Pennsylvania prisons: a fight for humane release policies
Bradford Gamble is out of prison after serving 46 years and is now living with his nephew, Shaquan J. Jordan, in West Philadelphia. He is terminally ill with metastatic colon cancer that has spread to his liver. Gamble is one of only 33 people in the last 13 years who have successfully petitioned the Pennsylvania Department of Corrections to release him because of illness.
Gamble was arrested in 1976, when he was 19 years old, and sentenced to spend the rest of his life in prison, with no chance of parole. He says he deeply regrets his past actions, which caused the death of another person, and thinks about this every day. He is far from the rash teenager he was 46 years ago.
A terrible choice
The 66-year-old Gamble won his release because of the help of Bryant Arroyo, another incarcerated person, who informed him of a little-known state law that allows terminally ill people to be let out of prison — but only if they have less than a year to live. For those sentenced to a life term, it’s one of the only ways they can get out of prison.
Rather than get treatment to prolong his life and stay in prison, Gamble decided to refuse medical treatment so he could die at home instead of behind bars. He has six months to a year left to live. If his health improves, the DOC or a state prosecutor could send him back to prison.
“The statute is drafted so narrowly that it forces you to make decisions like forgoing lifesaving treatment in order to get even the possibility of medical transfer,” said Rupalee Rashatwar, an attorney with the Abolitionist Law Project, a public interest law firm that represented Gamble in his transfer petition. Rashatwar is working to help more seriously ill people get out of prison before they die.
End life terms without parole
Abolitionist activists are trying to get laws passed that would put an end to life sentences without the possibility of parole. In Pennsylvania, 13.4% of people in prison are sentenced to life terms without parole, compared to a 3.6% average in other states.
This and other sobering statistics compiled in a Families for Justice Reform report are driven by two state laws: the mandatory minimum sentence of life imprisonment required for first- and second-degree murder charges; and the denial of parole eligibility to anyone with a life sentence. (tinyurl.com/yckrwxym)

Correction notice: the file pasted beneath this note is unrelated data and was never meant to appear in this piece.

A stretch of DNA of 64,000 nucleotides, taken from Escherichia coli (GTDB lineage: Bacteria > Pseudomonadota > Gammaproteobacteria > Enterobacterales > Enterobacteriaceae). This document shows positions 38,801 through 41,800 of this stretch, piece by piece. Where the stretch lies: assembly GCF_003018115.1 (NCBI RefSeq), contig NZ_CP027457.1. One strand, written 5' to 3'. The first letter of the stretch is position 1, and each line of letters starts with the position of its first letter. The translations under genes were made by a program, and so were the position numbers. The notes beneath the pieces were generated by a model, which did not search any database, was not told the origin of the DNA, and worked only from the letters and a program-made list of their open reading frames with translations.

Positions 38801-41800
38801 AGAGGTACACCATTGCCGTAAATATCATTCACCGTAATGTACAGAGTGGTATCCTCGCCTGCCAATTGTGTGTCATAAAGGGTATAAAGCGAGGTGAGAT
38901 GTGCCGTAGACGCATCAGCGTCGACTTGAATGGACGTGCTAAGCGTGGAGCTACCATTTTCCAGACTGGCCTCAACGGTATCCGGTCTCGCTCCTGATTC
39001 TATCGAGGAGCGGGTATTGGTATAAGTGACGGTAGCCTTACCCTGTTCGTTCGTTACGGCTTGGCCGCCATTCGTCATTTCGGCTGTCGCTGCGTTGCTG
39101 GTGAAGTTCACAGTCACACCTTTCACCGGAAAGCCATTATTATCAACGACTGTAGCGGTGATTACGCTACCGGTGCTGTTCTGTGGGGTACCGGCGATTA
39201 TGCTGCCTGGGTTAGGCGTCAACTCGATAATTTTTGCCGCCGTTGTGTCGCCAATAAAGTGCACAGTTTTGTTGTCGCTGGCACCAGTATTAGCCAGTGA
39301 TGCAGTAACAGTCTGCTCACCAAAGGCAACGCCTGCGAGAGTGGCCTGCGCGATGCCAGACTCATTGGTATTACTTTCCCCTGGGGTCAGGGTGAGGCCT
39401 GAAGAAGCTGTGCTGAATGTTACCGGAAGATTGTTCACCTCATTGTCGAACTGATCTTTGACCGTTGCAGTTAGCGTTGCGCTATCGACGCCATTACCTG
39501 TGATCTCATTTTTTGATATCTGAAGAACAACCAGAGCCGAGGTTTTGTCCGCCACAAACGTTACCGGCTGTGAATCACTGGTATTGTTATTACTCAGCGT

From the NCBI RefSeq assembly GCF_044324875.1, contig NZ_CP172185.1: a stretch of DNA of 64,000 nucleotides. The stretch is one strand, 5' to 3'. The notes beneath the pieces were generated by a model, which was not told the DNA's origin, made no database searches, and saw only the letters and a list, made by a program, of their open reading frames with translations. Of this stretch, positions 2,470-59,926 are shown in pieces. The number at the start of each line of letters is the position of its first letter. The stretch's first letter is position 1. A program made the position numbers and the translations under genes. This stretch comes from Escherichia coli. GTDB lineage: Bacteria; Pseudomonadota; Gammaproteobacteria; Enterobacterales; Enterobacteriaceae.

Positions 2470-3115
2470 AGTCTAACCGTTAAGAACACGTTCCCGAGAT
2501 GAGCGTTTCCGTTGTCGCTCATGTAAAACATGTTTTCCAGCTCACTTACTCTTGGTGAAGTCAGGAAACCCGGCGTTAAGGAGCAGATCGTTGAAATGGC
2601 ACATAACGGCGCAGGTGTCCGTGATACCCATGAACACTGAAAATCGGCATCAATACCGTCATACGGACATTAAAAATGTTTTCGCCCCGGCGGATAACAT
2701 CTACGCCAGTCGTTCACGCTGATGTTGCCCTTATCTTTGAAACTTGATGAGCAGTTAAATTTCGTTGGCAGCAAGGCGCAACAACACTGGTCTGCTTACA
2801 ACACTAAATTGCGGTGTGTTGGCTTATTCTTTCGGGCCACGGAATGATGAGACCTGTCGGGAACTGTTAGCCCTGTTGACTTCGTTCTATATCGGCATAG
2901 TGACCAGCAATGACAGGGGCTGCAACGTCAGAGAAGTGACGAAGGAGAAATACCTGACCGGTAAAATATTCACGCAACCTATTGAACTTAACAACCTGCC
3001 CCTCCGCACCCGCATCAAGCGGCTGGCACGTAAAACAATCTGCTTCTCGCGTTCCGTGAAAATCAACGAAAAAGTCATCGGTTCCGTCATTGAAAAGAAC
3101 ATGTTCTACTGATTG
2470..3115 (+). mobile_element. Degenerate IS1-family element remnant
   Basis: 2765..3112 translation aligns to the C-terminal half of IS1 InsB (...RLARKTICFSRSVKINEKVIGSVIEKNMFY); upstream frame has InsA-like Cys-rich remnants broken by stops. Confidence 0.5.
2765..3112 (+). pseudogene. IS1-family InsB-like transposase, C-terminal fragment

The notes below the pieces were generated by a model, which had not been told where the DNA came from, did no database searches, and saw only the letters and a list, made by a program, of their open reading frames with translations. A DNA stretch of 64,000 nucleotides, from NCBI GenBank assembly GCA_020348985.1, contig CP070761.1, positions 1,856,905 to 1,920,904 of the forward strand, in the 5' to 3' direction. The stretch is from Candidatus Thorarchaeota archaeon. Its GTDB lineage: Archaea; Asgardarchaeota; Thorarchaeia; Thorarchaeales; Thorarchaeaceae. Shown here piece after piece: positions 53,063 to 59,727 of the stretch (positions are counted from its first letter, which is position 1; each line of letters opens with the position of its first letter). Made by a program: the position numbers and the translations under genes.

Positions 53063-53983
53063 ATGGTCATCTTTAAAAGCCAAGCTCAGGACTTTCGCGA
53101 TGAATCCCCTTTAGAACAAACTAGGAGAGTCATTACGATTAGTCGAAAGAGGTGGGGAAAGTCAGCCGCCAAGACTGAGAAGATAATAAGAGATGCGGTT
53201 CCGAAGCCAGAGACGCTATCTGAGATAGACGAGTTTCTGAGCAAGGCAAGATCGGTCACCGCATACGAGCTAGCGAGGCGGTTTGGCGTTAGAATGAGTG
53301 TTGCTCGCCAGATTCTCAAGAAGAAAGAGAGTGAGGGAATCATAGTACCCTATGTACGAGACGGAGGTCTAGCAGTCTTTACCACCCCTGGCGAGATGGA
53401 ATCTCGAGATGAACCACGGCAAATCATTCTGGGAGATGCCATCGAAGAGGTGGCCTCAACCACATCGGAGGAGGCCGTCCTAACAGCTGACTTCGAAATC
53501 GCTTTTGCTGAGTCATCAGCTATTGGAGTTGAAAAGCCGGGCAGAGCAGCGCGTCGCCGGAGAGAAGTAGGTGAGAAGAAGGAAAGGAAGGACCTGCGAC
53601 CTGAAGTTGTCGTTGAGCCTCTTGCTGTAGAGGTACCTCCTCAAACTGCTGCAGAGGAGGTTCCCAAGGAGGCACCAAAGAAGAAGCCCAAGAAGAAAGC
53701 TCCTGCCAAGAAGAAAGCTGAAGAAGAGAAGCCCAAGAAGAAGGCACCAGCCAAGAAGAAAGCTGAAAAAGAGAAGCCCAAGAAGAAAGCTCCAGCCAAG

By 2019, because of these and other severe sentencing policies, Pennsylvania courts had imprisoned more than seven times the number of people they incarcerated in 1970.
Harsh sentences target the oppressed
These laws are racist. While Black residents compose 11% of Pennsylvania’s population, an astounding 65% of those sentenced to life terms are Black. As a result of decades of these draconian white-supremacist sentencing policies, the prison population of those 50 years of age or older increased from 351 people in 1979 to 10,706 in 2019. This is a 30-fold increase!
There is no rational reason to imprison people for so many decades, especially after they reach the age of 50. The fact is that only 1% of those released at age 55 or older are reincarcerated within three years. Among people previously convicted of murder, the reimprisonment rate fell to as low as 0.4%.
Not only are activists and relatives of incarcerated people campaigning to end life sentences without parole, but there is an effort to persuade state legislators to pass a compassionate release policy for elderly and ill people.
Rally to abolish death by incarceration!
The Coalition to Abolish Death by Incarceration is one of many Pennsylvania organizations demanding that legislators support bills that would allow “our loved ones” the opportunity to come home from prison. The organization is mobilizing for a mass statewide “Second chances keep our communities safe” rally in front of the state capitol in Harrisburg, on May 25. (fb.me/e/35tLtHD98)
Thousands of people remain in Pennsylvania’s prisons even if they are ill, were imprisoned decades earlier and are no longer considered a threat to the public. It’s a burden on people in prison and their families. And it costs the state $2.3 billion a year to feed, house and provide medical care for incarcerated people.
Gamble told his supporters a few days after his release, “I didn’t make it out here just to say, oh, I’m home. Family, friends, it’s lovely. It’s beautiful. But I got more to do.” Wanting to inform health care workers about medical abuse in the prisons, he stressed: “I’m a human being. And I deserve to be treated as a human being. I want you all to know that there are things going on behind closed doors.
“People like me are not being treated as human beings. We’re being treated like cattle. We’re being treated like nonfunctional robots. The DOC medical department is 100% wrong in their way of treating us. We need people to know and understand that. I’m out here now, but I never left the prison mentally, because a lot of the people I love are still there. And they need your help.” (workers.org, March 22)
A month later, Gamble participated in a panel via Zoom on April 20 alongside Celeste Trusty, Secretary of the Pennsylvania Board of Pardons, and State Senator Sharif Street. He joined panel members in urging legislators to pass SB835, which would replace the current restrictive compassionate release law and establish more flexible parole opportunities based on age or illness.